Some Pendergrass residents used a Tuesday morning city council meeting to push for expanded fire protection for the city.

During discussion of the city’s comprehensive plan update July 28, citizens asked about a full-time fire department and more personnel serving the city.

One citizen noted a 30-minute response time to a recent fire.

Russell explained that Pendergrass is served by a fire district — North Jackson — of which the city has no control.

Russell, however, said a full-time fire department serving the city could be a possibility in the future.

“We really feel like as you guys put taxes in there (the fire district), that we will absolutely be able to get a full-time fire department,” Russell said. “We need it. We absolutely need it.”

But Russell also praised the current volunteer fire personnel.

“I’ve been in this city going on 16 years, and I’ll put our fire department up against anybody’s,” Russell said. “These guys are good. They care. They’re fast, and they do a good job.”

One audience member, who is a member of the volunteer fire department, noted that the fire district has an ISO rating of 3.

“You don’t get an ISO rating of 3 and have slow response times,” he said.

Russell said a meeting with the fire department and residents will be arranged to further discuss concerns.

The police department was also brought up. The city has a three-man force, down from four, but will look to fill that open position next year.

In a separate issue, the council fielded some complaints about grass-cutting and appearance of a city-owned rental property.

“I promise you we’ll address that,” Russell told one audience member.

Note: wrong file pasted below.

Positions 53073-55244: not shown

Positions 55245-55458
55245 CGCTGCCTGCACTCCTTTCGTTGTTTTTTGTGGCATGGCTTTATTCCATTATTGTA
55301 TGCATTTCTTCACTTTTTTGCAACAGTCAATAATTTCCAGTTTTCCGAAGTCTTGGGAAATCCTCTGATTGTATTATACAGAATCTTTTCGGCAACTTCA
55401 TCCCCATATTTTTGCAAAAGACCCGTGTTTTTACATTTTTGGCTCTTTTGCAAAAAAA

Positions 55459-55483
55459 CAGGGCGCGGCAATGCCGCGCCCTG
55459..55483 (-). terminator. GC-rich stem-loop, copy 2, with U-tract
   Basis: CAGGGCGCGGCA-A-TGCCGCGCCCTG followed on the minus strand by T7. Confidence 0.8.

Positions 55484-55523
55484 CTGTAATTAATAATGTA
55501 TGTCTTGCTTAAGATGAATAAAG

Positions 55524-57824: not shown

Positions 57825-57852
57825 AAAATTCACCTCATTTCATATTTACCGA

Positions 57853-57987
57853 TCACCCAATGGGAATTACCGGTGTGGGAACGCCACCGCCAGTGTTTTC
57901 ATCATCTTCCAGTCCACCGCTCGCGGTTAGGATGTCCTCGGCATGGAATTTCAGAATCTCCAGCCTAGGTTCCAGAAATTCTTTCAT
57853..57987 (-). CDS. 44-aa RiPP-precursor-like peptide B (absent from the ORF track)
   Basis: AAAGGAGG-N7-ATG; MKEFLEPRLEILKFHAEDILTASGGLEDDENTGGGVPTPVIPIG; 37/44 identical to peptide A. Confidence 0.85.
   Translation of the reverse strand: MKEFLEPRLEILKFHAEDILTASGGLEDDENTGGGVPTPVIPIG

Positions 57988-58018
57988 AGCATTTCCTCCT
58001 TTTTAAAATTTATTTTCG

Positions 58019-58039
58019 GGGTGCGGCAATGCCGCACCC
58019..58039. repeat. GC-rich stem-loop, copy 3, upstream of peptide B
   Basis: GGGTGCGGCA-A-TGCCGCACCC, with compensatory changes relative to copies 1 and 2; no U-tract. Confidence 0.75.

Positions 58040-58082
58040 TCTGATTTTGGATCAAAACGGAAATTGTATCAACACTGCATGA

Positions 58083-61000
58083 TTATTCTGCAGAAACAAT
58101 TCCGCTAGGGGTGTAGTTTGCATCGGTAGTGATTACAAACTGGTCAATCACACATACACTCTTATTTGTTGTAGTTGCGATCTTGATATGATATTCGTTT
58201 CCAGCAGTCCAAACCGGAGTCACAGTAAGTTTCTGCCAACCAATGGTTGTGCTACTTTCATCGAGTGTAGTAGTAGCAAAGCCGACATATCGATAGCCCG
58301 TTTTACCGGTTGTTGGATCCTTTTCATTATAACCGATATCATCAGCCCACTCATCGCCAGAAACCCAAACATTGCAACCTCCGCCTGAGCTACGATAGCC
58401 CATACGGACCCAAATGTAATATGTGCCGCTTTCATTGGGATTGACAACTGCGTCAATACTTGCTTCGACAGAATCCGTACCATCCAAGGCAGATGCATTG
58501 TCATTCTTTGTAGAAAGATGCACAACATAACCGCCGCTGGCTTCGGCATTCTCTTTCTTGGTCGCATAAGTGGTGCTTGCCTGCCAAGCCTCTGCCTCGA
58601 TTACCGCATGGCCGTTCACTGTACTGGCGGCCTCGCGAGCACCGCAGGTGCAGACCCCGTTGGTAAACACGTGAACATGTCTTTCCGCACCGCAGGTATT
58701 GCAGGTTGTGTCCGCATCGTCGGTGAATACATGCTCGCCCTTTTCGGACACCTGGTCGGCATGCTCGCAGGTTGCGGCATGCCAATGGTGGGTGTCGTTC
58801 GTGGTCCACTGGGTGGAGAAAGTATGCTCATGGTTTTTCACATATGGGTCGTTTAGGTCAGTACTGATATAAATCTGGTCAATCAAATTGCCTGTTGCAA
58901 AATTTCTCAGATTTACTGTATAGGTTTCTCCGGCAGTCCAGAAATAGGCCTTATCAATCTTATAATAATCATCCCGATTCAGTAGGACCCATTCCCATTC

Another citizen complained about grass cutting around her neighborhood and landscaping in the town.

As for the comprehensive plan update, Russell said one of the city’s objectives is to attract bigger businesses along Hwy. 129 and bring businesses into downtown district as well.

“Pendergrass’s rural character and small town charm are important, but there is a need to balance this bedroom community character in order to avoid appearing too small or too quiet to prospective businesses and residents,” Russell said, reading from a section of the comprehensive plan.

He also noted a need for more greenspaces and sidewalks in the city, to maintain a mixture of housing options and to encourage the development of stalled neighborhoods.


The city council tabled a vote on an updated zoning map to allow for further review.

Mayor pro-tem Harlan Robinson told the crowd of about 40 people who attended the meeting that the city will present an updated map that reflects only current zonings of property within the city. The map will be ready in 90 days with more public hearings to follow.

The city also pulled an item concerning home occupation business licenses from the agenda for further discussion.


Pendergrass adopted a $474,754 budget that is unchanged from last year. The budget was built around a millage rate of three, which hasn’t changed in 15 years.

Russell worried that the COVID-19 outbreak could hurt two of the city’s revenue sources — franchise fees and local option sales tax (LOST) dollars.

Russell said, “We’re going to keep our fingers crossed,” that the city will generate the budgeted income.


The council seeks citizens to serve on a advisory board regarding the land use management code, including zoning and land use items.


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